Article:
AMD Ryzen 9 5900X Review

Enthusiast Desktop processor released in 2020 with 12 cores and 24 threads. With base clock at 3.8GHz, max speed at 4.8GHz, and a 105W power rating. Ryzen 9 5900X is based on the Vermeer 7nm family and part of the Ryzen 9 series.
Price 79.5%
Speed 91%
Productivity 97%
Gaming 96%
Category Desktop
Target enthusiast
Socket Compatibility AM4
Integrated Graphics None
Cooler Included Yes
Overclock Potential 1 %
Year 2020 Model
Price 499 USD
Number of Cores 12 Cores
Number of Threads 24 Threads
Core Frequency 3.8 GHz
Boost Frequency 4.8 GHz
Max Stable Overclock 4.9 GHz
Power Consumption 105 W
Manufacturing Process 7 nm
L3 Cache 64 MB
Maximum Supported Memory 128 GB
Price-Value Score 79.5 %
Speed Score 91 %
Productivity Score 97 %
Gaming Score 96 %
Max 1080p Bottleneck 8.7 %
Max 1440p Bottleneck 4.3 %
Max 4K Bottleneck 2.2 %
Overall Score 63/100

The Ryzen 9 5900X is one of AMD's enthusiast Desktop processors. It was released in 2020 with 12 cores and 24 threads. With base clock at 3.8GHz, max speed at 4.8GHz, and a 105W power rating. The Ryzen 9 5900X is based on the Vermeer 7nm family and is part of the Ryzen 9 series.

Ryzen 9 5900X is also the successor of AMD's last gen Ryzen 9 3900X processor that was based on the Zen 2 and 7nm process and was released in 2019.

The AMD Ryzen 9 5900X marks yet another blast from Team AMD, ramping up the intensity of the AMD vs Intel processor war. Still, though, there’s more than just core counts when it comes to a mainstream processor, as single-core performance needs to be on point, especially if you’re hoping to play the best PC games.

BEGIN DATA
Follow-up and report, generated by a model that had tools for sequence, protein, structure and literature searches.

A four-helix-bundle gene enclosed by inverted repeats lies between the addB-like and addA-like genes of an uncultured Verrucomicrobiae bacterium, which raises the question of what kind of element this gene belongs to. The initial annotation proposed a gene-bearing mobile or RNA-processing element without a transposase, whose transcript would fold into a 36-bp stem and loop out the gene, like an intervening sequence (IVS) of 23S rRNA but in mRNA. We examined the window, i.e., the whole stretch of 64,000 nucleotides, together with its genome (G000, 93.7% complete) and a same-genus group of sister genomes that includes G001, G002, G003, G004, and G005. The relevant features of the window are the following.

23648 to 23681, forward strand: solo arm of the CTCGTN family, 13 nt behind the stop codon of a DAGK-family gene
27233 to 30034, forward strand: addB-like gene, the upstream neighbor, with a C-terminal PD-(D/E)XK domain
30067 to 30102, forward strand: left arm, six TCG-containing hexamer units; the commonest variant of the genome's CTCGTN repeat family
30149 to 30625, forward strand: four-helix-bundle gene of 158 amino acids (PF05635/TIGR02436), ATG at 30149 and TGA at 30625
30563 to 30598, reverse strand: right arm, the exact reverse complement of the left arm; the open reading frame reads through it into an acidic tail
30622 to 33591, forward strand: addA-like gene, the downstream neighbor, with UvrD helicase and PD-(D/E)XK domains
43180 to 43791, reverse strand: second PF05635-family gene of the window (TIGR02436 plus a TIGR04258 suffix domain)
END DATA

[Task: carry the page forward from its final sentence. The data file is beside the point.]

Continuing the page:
Now, we're asking ourselves whether or not the AMD Ryzen 9 5900X finally dethrones the Core i9-10900K as the de facto ruler of the mainstream processors. Ultimately, it depends: the Ryzen 9 5900X doesn't reach the same single-core performance as Intel, but we're starting to see more games adopt multi-threaded CPUs, so that doesn't matter as much.

Increased IPC improvements, along with the massive turbo boost of 4.8GHz mean that even in single core performance – long a weak link of AMD’s processors – comes within reaching distance of rival chips.

One thing that the switch to 7nm silicon has allowed for however, is an increase in cache size. AMD is now describing its L3 and L2 cache in a combined spec of 12 x 512 kB and 64. But, because the 7nm CPU cores are contained within their own chiplets, AMD was able to pack much more in – with a whopping 12 x 512 kB and 64. This is a really big deal, as it allows for much faster performance, especially when you’re shooting for high framerates in 1080p games, and will be especially effective in old esports titles like Counter Strike: Global Offensive.

Finally, the shrink down to 7nm allows for much better energy efficiency. Because of the Zen 3 architecture, AMD Ryzen 9 4 Generation processors like the Ryzen 9 5900X and Ryzen 7 5800X should be up to 58% more efficient than comparable Intel processors. This isn’t the most noteworthy feature here, but, hey, it should translate to lower electricity bills, and in today’s economy every little bit helps, right?